Rare variants at 16p11.2 are associated with common variable immunodeficiency
Orange JS., Karlsen TH., Chapel H., Cunningham-Rundles C., Hakonarson H.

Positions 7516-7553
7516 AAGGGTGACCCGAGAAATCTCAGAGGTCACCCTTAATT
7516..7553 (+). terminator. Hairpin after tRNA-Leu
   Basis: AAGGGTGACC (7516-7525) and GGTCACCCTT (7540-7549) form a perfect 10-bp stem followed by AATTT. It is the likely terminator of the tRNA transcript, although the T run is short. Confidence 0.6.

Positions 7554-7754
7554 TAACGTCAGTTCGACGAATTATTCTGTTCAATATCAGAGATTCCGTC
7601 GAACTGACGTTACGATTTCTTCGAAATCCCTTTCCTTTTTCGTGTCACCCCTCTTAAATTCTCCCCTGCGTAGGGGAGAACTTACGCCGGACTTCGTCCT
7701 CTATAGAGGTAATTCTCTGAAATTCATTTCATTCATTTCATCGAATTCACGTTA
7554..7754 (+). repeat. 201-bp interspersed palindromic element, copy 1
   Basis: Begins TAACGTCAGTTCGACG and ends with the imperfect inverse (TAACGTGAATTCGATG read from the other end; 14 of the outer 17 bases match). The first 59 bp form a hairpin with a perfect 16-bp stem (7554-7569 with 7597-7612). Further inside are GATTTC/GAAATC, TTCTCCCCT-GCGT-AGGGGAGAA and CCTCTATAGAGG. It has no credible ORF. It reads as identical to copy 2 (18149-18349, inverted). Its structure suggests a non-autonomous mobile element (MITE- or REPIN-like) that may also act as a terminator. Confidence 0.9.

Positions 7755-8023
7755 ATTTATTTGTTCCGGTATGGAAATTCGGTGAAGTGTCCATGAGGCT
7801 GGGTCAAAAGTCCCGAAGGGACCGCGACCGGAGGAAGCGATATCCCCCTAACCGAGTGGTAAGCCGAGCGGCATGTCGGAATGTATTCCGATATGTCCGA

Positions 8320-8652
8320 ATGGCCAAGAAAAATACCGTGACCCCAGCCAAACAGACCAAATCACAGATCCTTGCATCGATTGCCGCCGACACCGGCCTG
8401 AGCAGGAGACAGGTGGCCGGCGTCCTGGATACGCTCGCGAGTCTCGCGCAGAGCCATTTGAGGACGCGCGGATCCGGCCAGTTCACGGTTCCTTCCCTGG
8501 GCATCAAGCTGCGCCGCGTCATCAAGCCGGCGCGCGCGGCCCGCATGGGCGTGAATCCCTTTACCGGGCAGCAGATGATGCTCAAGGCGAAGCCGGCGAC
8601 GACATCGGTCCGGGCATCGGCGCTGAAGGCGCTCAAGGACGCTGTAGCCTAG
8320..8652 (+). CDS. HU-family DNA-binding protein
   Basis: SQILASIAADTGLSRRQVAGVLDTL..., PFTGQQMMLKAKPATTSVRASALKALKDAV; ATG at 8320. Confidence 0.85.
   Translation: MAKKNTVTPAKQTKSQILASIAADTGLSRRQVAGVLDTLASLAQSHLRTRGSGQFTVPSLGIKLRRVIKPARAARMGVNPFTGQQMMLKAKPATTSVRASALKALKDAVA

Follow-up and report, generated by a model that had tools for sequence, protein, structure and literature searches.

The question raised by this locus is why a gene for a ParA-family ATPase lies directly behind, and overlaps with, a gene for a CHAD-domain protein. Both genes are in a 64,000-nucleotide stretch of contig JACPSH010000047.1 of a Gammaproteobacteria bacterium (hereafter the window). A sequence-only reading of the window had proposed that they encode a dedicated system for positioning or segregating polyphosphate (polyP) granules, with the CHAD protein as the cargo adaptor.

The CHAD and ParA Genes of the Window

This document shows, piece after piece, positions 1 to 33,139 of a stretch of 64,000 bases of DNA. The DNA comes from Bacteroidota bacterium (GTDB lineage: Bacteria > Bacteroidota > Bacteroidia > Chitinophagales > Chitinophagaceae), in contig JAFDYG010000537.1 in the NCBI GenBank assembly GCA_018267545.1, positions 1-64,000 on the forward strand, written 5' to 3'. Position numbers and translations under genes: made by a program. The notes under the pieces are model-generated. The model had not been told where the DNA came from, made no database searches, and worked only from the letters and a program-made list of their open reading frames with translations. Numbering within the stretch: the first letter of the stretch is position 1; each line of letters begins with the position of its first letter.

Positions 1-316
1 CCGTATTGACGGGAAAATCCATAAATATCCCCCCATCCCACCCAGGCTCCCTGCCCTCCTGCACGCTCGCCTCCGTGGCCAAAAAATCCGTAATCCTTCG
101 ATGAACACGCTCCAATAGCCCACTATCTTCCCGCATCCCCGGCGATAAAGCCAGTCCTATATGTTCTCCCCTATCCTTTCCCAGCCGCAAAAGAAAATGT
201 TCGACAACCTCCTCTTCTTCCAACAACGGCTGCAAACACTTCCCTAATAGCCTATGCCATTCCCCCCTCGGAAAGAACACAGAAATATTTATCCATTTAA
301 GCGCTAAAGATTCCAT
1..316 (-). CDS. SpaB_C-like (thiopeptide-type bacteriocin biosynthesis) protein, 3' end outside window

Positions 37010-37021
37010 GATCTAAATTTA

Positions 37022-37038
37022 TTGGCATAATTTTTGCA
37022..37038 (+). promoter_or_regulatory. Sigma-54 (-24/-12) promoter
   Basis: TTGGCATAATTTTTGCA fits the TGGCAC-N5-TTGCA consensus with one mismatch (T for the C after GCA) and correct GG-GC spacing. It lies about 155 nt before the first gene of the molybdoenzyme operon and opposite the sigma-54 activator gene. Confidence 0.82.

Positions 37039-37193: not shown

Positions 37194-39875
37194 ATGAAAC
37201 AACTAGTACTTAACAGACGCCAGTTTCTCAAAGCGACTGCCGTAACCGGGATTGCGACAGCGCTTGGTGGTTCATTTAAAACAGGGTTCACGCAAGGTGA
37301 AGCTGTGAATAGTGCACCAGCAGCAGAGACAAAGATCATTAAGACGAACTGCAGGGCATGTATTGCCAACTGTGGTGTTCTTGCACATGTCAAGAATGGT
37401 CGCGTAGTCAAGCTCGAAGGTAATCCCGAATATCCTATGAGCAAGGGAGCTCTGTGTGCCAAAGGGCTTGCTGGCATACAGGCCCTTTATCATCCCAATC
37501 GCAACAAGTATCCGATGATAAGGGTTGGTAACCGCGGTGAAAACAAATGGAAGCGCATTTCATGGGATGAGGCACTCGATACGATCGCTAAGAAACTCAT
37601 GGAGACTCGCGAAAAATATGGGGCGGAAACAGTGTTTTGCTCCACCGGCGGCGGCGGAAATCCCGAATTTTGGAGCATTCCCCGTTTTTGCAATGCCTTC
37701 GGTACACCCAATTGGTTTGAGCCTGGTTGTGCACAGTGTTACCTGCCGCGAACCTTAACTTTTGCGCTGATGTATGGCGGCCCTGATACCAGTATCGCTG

© 2015 American Academy of Allergy, Asthma & Immunology. Background Common variable immunodeficiency (CVID) is characterized clinically by inadequate quantity and quality of serum immunoglobulins with increased susceptibility to infections, resulting in significant morbidity and mortality. Only a few genes have been uncovered, and the genetic background of CVID remains elusive to date for the majority of patients. Objective We sought to seek novel associations of genes and genetic variants with CVID. Methods We performed association analyses in a discovery cohort of 164 patients with CVID and 19,542 healthy control subjects genotyped on the Immuno BeadChip from Illumina platform; replication of findings was examined in an independent cohort of 135 patients with CVID and 2,066 healthy control subjects, followed by meta-analysis. Results We identified 11 single nucleotide polymorphisms (SNPs) at the 16p11.2 locus associated with CVID at a genome-wide significant level in the discovery cohort. The most significant SNP, rs929867 (P = 6.21 × 10-9), is in the gene fused-in-sarcoma (FUS), with 4 other SNPs mapping to integrin CD11b (ITGAM). Results were confirmed in our replication cohort. Conditional association analysis suggests a single association signal at the 16p11.2 locus. A strong trend of association was also seen for 38 SNPs (P < 5 × 10-5) in the MHC region, supporting that this is a genuine CVID locus. Interestingly, we found that 80% of patients with the rare ITGAM variants have reduced switched memory B-cell counts. Conclusion We report a novel association of CVID with rare variants at the FUS/ITGAM (CD11b) locus on 16p11.2. The association signal is enriched for promoter/enhancer markers in the ITGAM gene. ITGAM encodes the integrin CD11b, a part of complement receptor 3, a novel candidate gene implicated here for the first time in the pathogenesis of CVID.